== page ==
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Does anyone know of a good tutorial (C# preferred) for creating a component's hierarchical object-model for .NET 3.0 or later i.e making full use of generics?

  • work with and expose an indefinite number of contained objects;
  • prevent client applications from directly instantiating contained objects;
  • allow the client code to use 'tunnelling' style e.g.

string columnName = db.Tables["Customers"].Columns["customer_number"].Name;

I found this article, Component Object-Model Recommendations but because it is for Visual Studio .NET 2003 but I'm thinking there are better ways in .NET 3.0.

Thanks.

UPDATE:

If I've understood indexers correctly...

In the db class, I could use a SortedList as container for Table and use and indexer to access to return a Table instance. Similarly, Table's indexer would access a Column instance. So the client code could look like this:

string tableName = db["Customers"].Name;

The problem is, the db class exposes other collections in addition to Tables (StoredProcs, DBViews, etc). So I'm thinking I want to retain collection classes for each, exposing them as properties rather than using an indexer. Does this sound right? Should I use indexers on these collection classes, though?

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2 Answers

up vote 2 down vote accepted
  • allow the client code to use 'tunnelling' style e.g.

    string columnName = db.Tables["Customers"].Columns["customer_number"].Name;

[...] I want to retain collection classes for each, exposing them as properties rather than using an indexer. Does this sound right?

Yes, this sounds better than indexers, because it allows for better type safety. If you expose a normal collection, each of them can have its own element type. With an indexer, you'd be forced to choose the same collection type for all exposed collections. To illustrate this fact:

public DataTable this[string tableName] { ... }
//     ^^^^^^^^^
//     choose one, unspecific type for all exposed collections

vs.

public IList<Customer> Customers { get { ... } }
public IList<Supplier> Suppliers { get { ... } }
//           ^^^^^^^^
//           the right type for each collection

So yes, do expose single "typed" collections instead of an "untyped" collection of collections.

Side note: You say you want to allow tunnelling; some people might tell you that this violates some commonly held OO principles, such as the Single Responsibility Principle (SRP), or Separation of Concerns (SoC).


  • prevent client applications from directly instantiating contained objects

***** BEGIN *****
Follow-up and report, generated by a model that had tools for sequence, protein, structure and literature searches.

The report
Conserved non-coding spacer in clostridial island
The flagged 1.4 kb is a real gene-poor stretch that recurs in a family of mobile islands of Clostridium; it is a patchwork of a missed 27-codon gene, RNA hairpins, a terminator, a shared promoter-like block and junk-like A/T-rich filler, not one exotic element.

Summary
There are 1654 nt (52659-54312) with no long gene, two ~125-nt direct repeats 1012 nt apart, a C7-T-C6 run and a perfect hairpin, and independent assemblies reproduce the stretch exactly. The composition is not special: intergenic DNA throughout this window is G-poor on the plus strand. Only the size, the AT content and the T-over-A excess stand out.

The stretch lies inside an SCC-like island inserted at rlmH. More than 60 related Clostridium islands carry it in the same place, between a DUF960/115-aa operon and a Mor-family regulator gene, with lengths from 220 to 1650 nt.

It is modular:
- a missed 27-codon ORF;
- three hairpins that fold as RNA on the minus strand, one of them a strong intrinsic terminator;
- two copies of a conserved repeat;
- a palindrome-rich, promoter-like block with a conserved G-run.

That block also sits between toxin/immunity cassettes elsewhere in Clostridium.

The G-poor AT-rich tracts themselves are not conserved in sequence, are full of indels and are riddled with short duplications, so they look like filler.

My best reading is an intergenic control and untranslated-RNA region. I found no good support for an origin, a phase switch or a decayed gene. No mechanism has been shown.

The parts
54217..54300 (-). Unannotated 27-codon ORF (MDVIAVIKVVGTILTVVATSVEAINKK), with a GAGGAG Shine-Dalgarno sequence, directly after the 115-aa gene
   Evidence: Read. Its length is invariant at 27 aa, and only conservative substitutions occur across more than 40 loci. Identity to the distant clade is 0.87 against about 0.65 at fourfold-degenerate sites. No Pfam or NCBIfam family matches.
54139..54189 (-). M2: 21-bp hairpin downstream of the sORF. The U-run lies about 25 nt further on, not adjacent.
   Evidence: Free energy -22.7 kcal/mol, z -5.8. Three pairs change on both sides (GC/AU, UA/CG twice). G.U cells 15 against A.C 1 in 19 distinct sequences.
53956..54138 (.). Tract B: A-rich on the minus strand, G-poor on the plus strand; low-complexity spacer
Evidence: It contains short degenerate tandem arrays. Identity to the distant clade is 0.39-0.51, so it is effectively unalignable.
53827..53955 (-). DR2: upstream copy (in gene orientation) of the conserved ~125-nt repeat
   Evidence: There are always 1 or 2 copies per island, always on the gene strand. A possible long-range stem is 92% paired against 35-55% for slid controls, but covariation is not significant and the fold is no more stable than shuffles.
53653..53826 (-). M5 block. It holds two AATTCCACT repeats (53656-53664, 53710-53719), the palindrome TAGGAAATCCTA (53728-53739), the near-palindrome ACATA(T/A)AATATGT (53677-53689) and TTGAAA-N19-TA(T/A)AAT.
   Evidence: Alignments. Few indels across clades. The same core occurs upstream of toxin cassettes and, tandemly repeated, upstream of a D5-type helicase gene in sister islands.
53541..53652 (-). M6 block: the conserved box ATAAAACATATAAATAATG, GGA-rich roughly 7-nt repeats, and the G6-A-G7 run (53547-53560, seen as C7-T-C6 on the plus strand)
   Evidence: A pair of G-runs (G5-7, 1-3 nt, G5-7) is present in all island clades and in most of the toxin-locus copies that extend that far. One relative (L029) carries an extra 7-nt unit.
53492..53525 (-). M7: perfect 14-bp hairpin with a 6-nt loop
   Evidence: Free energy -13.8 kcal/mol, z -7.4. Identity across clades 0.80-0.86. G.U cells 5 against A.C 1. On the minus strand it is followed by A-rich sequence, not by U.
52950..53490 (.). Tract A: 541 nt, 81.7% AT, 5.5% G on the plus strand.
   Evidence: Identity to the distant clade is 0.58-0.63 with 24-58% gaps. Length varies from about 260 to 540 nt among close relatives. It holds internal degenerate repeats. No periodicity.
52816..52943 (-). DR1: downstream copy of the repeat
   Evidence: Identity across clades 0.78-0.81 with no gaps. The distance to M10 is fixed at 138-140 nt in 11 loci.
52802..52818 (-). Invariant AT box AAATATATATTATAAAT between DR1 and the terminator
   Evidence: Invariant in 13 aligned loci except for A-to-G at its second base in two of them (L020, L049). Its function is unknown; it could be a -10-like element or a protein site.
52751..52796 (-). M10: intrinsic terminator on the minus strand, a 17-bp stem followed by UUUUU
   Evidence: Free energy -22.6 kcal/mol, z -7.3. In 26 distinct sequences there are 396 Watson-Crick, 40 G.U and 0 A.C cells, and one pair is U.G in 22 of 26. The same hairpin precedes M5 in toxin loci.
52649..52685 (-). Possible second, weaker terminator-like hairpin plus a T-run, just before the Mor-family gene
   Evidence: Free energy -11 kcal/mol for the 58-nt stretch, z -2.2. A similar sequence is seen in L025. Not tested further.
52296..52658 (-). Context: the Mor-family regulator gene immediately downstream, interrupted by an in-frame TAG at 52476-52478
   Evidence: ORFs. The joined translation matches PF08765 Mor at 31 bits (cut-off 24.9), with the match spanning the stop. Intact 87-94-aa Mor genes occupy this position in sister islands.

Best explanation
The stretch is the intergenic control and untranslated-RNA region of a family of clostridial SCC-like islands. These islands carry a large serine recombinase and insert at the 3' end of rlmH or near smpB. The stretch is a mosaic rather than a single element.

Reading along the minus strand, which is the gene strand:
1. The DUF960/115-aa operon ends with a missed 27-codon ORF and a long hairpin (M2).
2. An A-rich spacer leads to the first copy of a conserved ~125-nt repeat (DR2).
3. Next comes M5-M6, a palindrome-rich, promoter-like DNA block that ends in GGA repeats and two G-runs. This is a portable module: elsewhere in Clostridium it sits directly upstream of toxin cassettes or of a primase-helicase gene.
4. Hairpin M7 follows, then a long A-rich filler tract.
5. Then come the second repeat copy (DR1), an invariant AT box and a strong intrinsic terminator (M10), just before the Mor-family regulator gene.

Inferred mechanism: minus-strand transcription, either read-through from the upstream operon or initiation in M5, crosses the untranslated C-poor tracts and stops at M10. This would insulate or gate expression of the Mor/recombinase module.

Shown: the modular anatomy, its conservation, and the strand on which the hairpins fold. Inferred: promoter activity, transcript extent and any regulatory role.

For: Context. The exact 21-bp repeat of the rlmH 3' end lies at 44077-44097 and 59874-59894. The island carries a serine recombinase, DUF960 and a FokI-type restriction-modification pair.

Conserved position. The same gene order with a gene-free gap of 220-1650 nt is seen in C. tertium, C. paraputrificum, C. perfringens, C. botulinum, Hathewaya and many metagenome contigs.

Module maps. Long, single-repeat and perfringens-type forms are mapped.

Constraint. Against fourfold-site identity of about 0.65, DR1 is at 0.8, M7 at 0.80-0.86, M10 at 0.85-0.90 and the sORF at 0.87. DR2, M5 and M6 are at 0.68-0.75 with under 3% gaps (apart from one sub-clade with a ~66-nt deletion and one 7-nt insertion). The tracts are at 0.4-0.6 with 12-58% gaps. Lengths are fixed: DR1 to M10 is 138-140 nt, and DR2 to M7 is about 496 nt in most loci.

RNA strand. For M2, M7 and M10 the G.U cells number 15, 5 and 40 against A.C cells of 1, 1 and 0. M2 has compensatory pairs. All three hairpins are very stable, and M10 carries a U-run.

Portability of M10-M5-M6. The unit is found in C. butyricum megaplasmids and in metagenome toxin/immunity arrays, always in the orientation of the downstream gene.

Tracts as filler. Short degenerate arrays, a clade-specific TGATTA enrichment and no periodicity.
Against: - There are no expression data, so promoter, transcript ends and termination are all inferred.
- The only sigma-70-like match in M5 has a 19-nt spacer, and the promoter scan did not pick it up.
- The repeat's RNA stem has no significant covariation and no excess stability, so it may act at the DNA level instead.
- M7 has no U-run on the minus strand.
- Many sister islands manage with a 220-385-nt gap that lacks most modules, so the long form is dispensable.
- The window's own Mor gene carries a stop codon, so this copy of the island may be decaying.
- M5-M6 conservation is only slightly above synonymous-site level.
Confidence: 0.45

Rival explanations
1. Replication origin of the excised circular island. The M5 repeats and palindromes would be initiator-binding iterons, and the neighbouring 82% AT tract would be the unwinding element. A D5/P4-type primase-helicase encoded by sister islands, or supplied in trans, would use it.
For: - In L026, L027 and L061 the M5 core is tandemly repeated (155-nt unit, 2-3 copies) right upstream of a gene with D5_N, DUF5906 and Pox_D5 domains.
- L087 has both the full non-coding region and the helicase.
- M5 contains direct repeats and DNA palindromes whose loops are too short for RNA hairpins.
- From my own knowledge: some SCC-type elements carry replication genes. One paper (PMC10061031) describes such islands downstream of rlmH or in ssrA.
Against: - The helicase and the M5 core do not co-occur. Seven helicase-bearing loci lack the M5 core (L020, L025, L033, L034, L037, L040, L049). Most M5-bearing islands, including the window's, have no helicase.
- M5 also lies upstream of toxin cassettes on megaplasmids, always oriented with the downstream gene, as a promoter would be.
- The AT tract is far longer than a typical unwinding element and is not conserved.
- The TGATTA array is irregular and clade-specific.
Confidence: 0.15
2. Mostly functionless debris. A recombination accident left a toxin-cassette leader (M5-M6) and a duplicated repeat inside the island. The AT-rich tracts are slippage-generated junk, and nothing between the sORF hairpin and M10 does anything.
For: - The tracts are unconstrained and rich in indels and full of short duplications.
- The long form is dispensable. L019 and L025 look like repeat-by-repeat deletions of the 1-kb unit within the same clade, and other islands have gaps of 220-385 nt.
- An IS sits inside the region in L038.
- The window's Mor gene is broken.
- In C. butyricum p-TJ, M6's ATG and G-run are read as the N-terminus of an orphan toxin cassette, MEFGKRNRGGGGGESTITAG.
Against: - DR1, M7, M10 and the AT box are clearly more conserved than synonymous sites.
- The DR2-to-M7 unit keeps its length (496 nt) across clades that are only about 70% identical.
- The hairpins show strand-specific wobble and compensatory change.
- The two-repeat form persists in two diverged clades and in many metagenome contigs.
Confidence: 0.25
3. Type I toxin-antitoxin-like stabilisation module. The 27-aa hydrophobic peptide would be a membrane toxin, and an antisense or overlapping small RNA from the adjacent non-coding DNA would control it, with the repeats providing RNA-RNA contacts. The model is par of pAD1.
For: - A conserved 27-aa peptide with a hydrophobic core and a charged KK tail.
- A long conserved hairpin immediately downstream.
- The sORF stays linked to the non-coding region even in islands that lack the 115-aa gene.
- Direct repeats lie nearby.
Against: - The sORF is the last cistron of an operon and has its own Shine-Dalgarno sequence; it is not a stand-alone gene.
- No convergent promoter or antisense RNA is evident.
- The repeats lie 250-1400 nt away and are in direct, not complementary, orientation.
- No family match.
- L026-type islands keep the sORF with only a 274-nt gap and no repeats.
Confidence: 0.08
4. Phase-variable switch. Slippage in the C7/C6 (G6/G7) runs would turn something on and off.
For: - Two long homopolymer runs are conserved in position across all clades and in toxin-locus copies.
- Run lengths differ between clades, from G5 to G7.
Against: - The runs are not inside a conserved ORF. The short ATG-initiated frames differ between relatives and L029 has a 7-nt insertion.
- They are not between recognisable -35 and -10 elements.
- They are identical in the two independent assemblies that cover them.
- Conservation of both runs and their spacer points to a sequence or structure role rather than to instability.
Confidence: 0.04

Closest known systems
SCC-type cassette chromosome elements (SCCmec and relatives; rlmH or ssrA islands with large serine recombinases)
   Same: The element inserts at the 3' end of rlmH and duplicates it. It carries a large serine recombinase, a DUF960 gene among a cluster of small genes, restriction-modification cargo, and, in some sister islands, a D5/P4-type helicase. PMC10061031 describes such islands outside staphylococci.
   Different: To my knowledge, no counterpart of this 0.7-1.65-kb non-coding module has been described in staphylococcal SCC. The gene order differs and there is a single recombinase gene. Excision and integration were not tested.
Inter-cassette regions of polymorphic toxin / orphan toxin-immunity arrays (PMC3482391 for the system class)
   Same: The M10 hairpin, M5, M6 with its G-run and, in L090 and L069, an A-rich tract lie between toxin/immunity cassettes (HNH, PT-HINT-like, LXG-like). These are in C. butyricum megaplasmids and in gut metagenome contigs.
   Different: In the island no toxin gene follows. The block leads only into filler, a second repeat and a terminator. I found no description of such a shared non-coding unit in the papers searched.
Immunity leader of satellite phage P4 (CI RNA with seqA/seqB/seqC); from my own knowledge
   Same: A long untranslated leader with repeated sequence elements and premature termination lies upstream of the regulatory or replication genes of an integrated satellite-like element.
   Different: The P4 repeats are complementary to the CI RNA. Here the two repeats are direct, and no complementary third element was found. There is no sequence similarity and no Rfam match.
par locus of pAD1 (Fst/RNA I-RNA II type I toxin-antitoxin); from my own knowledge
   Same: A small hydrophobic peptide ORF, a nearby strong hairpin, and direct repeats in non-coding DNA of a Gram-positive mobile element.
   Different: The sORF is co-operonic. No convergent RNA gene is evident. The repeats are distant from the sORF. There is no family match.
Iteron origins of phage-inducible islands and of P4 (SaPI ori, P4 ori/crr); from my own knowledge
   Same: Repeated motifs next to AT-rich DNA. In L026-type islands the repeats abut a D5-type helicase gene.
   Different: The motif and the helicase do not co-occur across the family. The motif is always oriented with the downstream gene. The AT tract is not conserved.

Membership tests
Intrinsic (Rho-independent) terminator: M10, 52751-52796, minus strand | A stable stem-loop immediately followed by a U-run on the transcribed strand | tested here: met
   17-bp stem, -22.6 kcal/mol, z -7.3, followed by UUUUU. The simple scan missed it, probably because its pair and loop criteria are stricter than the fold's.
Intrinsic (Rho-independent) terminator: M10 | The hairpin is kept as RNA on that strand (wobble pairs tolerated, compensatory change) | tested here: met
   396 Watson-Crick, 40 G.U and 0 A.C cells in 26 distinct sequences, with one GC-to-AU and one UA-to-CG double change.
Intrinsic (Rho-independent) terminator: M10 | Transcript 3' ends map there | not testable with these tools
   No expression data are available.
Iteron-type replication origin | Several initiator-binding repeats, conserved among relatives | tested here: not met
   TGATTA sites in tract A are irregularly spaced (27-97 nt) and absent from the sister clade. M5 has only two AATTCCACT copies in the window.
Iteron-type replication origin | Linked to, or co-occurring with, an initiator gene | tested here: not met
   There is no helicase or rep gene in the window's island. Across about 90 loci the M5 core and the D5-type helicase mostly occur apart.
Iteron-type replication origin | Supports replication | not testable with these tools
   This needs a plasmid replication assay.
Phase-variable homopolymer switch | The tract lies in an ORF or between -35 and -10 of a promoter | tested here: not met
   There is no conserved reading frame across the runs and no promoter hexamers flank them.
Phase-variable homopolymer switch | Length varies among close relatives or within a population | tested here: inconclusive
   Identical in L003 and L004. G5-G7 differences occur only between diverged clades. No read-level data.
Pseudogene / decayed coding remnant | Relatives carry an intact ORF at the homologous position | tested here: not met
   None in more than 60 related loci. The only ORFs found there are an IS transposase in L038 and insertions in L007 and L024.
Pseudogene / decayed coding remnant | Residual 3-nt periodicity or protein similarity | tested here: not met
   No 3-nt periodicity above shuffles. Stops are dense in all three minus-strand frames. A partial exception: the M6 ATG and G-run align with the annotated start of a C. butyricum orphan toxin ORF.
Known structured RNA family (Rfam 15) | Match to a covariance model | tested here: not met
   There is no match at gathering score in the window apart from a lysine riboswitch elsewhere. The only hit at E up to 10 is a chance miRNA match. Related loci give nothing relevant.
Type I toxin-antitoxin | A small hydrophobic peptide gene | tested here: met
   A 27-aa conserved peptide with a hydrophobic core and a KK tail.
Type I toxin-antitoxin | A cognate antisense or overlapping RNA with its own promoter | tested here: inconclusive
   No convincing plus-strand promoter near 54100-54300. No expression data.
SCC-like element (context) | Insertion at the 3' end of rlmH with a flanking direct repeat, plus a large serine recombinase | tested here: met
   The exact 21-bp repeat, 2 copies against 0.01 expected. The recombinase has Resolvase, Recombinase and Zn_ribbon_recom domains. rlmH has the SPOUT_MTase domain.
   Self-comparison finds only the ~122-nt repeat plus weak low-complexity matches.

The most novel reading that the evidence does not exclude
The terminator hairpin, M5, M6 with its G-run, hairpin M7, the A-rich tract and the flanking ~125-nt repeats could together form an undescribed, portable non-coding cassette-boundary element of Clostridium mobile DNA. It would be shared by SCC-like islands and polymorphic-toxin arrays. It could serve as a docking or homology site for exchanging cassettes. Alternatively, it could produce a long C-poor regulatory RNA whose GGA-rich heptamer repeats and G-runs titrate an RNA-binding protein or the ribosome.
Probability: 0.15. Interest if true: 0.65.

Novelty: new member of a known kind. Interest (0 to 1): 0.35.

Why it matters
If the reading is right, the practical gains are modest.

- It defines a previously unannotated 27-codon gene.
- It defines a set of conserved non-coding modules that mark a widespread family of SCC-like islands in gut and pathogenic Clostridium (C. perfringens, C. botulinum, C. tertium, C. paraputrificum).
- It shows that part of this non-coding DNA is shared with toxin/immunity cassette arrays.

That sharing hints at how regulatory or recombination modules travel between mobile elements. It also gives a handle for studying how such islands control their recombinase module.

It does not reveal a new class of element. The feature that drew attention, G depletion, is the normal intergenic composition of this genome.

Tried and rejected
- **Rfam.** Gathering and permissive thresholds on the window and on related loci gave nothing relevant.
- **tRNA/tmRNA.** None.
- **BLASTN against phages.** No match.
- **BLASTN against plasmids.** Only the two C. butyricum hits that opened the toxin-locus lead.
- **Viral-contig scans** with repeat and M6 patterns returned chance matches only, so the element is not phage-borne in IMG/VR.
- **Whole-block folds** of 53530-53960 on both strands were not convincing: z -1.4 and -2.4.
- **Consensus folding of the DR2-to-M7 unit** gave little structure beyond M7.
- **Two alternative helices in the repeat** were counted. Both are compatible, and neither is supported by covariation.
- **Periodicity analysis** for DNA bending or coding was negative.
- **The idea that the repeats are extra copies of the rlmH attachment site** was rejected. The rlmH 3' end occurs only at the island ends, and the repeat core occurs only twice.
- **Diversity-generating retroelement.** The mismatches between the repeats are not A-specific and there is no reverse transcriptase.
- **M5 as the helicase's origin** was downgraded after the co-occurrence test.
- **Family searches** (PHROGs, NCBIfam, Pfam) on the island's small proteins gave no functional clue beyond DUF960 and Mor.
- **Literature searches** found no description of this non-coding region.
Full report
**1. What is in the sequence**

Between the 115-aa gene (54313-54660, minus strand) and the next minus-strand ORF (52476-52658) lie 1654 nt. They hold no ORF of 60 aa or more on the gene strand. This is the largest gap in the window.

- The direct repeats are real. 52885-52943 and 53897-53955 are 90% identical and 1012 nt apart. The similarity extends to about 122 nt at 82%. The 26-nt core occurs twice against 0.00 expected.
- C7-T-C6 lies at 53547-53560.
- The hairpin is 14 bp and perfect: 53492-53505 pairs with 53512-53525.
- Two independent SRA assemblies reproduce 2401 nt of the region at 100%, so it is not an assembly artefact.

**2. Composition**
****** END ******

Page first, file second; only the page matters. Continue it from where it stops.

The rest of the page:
public class Db
{
    public IList<Customer> Customers { get { ... } }
    ...
}

"Contained objects" can mean two things here:

  • Someone can replace your whole Customers collection. You simply prevent this by making the property read-only, ie. only provide a getter.

  • Someone can insert a new Customer into your db.Customers collection. You prevent this by choosing a (read-only) collection type for Customers that does not allow insertion.

For example:

private List<Customer> customers = new List<Customer>();
// ^ for class-internal use only

public IList<Customer> Customers { get { return this.customers.AsReadOnly(); } }
//                                                            ^^^^^^^^^^^^^
//                                                expose collection as read-only

  • work with and expose an indefinite number of contained objects

This again can mean two things:

  • Your db exposes an indefinite number of collections. Obviously, this won't work when you want each collection to be specifically typed. This only works when all your collections are exposed as having the same type (e.g. as DataTables, or as non-generic ICollections), and you will need to provide an indexer. That is, you make your many collections accessible through one collection that you expose via the indexer.

  • You expose a well-known and finite number of collections (e.g. Customers, Suppliers, etc.). Each of these, however, can then contain as many sub-objects as you want. I've assumed this scenario when I wrote the above parts of my answer. Advantages are better type safety and compile-time checking when you do tunnelling.

Concerning the last point:

db.Customers["John Smith"].BillingAddress

vs.

db.Tables["Customers"].Rows["John Smith"].Columns["BillingAddress"] as Address

In the first case, the compiler can check the types of properties such as Customers, BillingAddress, whereas in the second case, these properties are encoded as strings, and the compiler won't notice if you have typos in there. Also, you must indicate the correct data type yourself using type-casts.

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Read up on using indexers in the C# language. Here's a relevant page.

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I've edited my question in the hope of clarifying what indexers may or may not imply. Thanks. –  onedaywhen Sep 17 '10 at 9:03
    
Yes, you got it. There is no problem, you'd simply use, say, db.StoredProcs["blah"] just as you would with db.Tables[]. The indexer is on the StoredProcs collection. Automatic if you use a .NET collection class. –  Hans Passant Sep 17 '10 at 9:20
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